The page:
If you are 1) a computer industry history enthusiast, and 2) ever owned a Commodore computer such as the PET, VIC-20, or Commodore 64, then you should try to find a copy of The Home Computer Wars by Michael S. Tomczyk. Most computer history books I have read seem to only mention Commodore as a footnote, never seeming to give it its proper dues or recognizing how it impacted the industry. As far as I know, this book is the most detailed available when it comes to Commodore's role in the history of computing.
The Home Computer Wars is subtitled "An Insider's Account of Commodore and Jack Tramiel." And that it is. This book is short on technical detail but heavy on the inside information on what went on in Commodore from 1980 to 1984. From the perspective of a fanatical Commodore user from the 80s (like yours truly), the most interesting aspect of this book is Tomczyk's chronicle of the creation and marketing of the VIC-20. The VIC-20 was the predecessor to the C64, and it could be argued (as Tomczyk does) that the VIC-20 was the first real home computer "for the masses."
This book is as much about Jack Tramiel as it is about computers. Tramiel was Commodore, and his method of management and goals for the company were called "the Commodore Religion," and the insiders of Commodore who believed in his vision were called "Commodorians" by Tomczyk. Tramiel was a holocaust survivor that rebuilt a small calculator company into the first computer company to have over a billion dollars of revenue in a year.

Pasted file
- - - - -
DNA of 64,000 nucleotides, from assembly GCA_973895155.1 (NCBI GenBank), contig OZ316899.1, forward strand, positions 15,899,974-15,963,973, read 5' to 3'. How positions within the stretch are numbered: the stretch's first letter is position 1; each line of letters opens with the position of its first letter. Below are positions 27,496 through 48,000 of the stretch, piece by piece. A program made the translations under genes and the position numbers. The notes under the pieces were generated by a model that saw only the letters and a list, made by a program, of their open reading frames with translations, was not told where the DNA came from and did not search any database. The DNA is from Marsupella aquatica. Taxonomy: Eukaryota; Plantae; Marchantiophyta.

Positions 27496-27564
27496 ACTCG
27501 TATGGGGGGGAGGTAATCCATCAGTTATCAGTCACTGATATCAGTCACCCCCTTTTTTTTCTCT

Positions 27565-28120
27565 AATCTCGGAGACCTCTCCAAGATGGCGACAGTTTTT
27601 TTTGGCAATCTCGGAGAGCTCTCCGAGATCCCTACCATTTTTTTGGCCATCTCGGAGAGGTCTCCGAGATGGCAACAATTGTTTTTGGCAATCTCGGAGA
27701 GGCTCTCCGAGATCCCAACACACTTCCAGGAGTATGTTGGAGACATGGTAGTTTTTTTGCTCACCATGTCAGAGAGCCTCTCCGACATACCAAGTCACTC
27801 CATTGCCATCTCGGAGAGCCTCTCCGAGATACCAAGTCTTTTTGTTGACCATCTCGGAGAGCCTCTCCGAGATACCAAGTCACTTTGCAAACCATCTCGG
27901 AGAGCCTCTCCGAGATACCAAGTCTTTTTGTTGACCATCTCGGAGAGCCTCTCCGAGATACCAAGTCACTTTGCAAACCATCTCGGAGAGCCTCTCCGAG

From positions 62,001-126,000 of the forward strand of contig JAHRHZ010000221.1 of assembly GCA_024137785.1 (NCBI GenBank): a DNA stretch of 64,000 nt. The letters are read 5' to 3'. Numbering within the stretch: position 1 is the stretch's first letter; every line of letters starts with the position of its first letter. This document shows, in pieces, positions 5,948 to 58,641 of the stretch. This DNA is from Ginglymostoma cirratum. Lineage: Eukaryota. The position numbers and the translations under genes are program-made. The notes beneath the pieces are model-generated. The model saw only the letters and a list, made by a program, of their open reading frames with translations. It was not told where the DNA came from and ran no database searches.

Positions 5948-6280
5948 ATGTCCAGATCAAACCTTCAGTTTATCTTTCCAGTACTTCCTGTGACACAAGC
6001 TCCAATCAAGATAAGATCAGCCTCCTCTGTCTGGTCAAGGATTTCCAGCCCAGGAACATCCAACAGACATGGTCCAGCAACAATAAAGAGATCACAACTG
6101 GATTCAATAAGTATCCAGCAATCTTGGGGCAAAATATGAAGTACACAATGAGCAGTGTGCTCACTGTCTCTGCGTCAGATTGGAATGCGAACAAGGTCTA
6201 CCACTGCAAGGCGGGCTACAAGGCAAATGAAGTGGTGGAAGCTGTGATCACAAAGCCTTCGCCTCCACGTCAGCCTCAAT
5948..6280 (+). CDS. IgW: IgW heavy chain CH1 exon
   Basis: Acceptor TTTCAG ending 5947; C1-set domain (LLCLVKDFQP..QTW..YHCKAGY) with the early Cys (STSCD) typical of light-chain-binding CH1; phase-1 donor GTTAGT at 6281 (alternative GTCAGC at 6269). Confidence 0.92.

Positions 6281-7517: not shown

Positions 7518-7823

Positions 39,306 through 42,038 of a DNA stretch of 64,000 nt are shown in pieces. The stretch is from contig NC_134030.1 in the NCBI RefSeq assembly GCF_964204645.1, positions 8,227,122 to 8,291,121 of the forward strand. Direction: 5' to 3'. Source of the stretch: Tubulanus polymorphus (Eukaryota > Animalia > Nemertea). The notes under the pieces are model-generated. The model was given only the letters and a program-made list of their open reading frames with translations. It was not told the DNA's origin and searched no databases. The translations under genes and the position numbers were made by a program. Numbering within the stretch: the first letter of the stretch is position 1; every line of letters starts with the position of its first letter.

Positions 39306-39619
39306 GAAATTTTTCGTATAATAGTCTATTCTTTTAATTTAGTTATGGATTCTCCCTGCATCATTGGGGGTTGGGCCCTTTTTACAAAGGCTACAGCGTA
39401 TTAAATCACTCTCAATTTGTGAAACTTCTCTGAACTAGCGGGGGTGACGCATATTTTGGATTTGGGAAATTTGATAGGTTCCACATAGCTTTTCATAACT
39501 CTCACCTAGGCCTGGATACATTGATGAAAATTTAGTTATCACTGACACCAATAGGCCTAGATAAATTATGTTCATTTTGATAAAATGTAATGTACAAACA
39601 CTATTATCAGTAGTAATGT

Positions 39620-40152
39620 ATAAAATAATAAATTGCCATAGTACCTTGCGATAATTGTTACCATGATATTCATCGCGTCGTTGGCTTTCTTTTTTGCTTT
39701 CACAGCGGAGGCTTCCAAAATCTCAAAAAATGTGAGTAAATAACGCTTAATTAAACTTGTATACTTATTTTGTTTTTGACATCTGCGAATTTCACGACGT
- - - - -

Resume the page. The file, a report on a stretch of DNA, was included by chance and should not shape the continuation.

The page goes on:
It's quite educational to read a home computer "history" book that was written long before the world decided on the "PC clones" that most of us use now. 1984 was still an era where the computer industry was barely beginning to emerge from a technological dark age of competing and incompatible platforms. In keeping with the theme of the title, Tomczyk writes as if he were a soldier in the trenches of a protracted land war. It's a great read if you have the interest in the subject matter. Get a copy if you can.
Review by Brandon Staggs